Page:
APESMA has raised concerns about the Victorian Government?s reliance on costings by people without the right expertise in a parliamentary inquiry committee hearing.
In a new APESMA survey of 56 Victorian Government engineers that was presented to the Committee, 83.6 per cent said the Victorian Government had relied too much on costing done by accountants and economists as opposed to people with project management skills directly related to a given project, such as an engineer.
CEO of APESMA Chris Walton said the Victorian Government needed to invest in its engineering workforce and tap into their infrastructure expertise.
“How could you possibly know how much a bridge would cost unless you had actually built one before?” Mr Walton said.
“Successive Governments have slashed Victoria’s engineering workforce and now Victorian taxpayers are paying for it.”
Mr Walton said 91.1 per cent of Victorian Government engineers surveyed believe the Government could save money by hiring more engineers to help it cost its infrastructure projects properly.
“One of the best things the Victorian Government could do is make sure it had enough engineers to once again become an informed purchaser of infrastructure,” Mr Walton said.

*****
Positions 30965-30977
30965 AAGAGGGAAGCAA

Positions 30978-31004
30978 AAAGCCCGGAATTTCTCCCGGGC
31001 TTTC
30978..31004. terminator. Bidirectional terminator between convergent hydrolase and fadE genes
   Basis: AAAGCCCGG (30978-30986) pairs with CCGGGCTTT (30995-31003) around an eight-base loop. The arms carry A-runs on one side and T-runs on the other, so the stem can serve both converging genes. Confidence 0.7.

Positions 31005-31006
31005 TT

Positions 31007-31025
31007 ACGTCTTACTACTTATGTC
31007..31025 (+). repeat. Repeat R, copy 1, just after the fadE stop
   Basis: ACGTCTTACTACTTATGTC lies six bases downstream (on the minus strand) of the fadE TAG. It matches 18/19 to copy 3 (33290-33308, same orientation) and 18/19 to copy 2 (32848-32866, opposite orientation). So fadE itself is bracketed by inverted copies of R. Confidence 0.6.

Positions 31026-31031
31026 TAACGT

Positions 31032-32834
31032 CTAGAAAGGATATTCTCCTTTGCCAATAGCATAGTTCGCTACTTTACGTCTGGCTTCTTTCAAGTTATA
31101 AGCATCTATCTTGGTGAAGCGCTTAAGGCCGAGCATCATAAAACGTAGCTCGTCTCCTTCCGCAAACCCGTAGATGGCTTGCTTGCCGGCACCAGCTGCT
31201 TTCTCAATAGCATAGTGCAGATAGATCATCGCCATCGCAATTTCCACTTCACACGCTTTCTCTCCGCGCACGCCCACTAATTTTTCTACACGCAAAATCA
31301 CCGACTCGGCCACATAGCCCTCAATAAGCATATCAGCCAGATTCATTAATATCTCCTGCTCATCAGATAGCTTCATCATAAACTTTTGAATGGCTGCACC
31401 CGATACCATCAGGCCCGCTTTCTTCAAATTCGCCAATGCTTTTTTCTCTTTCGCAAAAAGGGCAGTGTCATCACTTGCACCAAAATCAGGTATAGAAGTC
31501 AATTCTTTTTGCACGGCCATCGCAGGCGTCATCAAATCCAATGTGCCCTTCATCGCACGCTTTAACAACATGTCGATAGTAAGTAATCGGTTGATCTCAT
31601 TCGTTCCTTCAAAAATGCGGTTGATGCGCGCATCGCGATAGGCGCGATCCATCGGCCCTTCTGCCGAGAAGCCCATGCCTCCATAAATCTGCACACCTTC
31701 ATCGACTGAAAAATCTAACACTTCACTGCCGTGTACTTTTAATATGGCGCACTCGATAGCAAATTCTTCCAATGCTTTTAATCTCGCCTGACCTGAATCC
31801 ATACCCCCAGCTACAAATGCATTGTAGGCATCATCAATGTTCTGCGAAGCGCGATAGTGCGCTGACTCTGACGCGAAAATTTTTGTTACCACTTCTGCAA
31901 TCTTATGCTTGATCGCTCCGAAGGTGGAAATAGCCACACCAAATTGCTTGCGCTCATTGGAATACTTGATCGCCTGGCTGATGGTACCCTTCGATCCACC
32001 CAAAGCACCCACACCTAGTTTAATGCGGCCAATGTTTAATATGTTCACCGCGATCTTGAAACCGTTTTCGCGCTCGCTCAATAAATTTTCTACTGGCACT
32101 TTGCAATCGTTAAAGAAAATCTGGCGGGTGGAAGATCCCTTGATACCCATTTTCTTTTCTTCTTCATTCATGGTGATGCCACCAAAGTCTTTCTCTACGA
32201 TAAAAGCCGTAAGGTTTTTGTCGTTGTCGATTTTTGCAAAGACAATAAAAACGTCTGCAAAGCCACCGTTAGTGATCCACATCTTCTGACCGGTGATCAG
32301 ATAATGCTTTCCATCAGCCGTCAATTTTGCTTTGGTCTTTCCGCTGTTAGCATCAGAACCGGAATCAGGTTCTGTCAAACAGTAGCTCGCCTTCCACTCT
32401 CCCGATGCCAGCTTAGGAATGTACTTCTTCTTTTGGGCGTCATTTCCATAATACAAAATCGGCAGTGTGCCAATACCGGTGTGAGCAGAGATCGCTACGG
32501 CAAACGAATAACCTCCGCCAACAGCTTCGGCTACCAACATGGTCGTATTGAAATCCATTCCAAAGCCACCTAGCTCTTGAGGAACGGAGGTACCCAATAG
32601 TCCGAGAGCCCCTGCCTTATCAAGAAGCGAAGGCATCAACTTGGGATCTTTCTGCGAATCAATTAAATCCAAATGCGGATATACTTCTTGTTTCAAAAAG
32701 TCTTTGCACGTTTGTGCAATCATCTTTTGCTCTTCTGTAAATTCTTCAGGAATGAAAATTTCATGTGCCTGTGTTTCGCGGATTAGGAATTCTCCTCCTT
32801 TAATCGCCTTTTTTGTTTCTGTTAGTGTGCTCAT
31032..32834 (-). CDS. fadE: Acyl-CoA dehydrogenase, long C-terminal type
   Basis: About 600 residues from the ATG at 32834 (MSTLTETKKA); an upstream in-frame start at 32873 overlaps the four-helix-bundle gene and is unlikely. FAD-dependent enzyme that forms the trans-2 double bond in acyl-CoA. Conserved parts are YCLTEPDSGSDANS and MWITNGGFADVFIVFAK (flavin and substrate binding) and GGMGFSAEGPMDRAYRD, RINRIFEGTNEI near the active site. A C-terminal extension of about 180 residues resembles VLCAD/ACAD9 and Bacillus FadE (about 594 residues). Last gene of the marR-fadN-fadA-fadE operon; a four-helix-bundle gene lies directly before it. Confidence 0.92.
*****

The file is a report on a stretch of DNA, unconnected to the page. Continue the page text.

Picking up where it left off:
Mr Walton said the biggest problem Victoria faced at the moment wasn’t how it should pay for infrastructure spending it was how to prevent its worldclass engineering workforce leaving the State in the wake of a declining infrastructure spend and job losses in Victoria in key sectors.
“Governments around the country and around the world are looking for ways to build their infrastructure on time and on budget more often. That will be harder and harder with fewer engineers here,” Mr Walton said.
“Major firms which chose to locate here in the 90’s and early 2000’s – global firms – will start looking north and west, where there is investment and a focus on innovation. Queensland has just appointed a Chief Engineer, while Western Australia has established the Centre of Excellence and Innovation in Infrastructure Delivery.
“But Victoria hasn’t even entered the race. Less infrastructure investment and job losses in innovative industries will just make this a spiral of fewer engineers, cost-blowouts and delivery over-runs. We’ll be like South Australia in the nineties unless something is done now.”
More than 78 per cent of Victorian Government engineers also believe that a lack of engineering skills in the private sector has led to project blowouts.
The main reasons engineers have identified why Victorian Government infrastructure projects go over budget are:
• That the initial budget was too optimistic (66.1 per cent)
• A lack of expertise by the contractors (60.7 per cent) and
• Changes to the scope (48.2 per cent)
A similar picture emerged for the main reasons for a project typically gets delayed:
• That the initial timeframe was too optimistic (62.5 per cent)
• A lack of expertise from the contractors (58.9 per cent)
• And changes to the scope (53.6 per cent)
Mr Walton said the Victorian Government needed to do more to use its purchasing power to drive the development of engineering skills in the State with 92.3 per cent of engineers saying that the Government wasn’t doing enough in this area.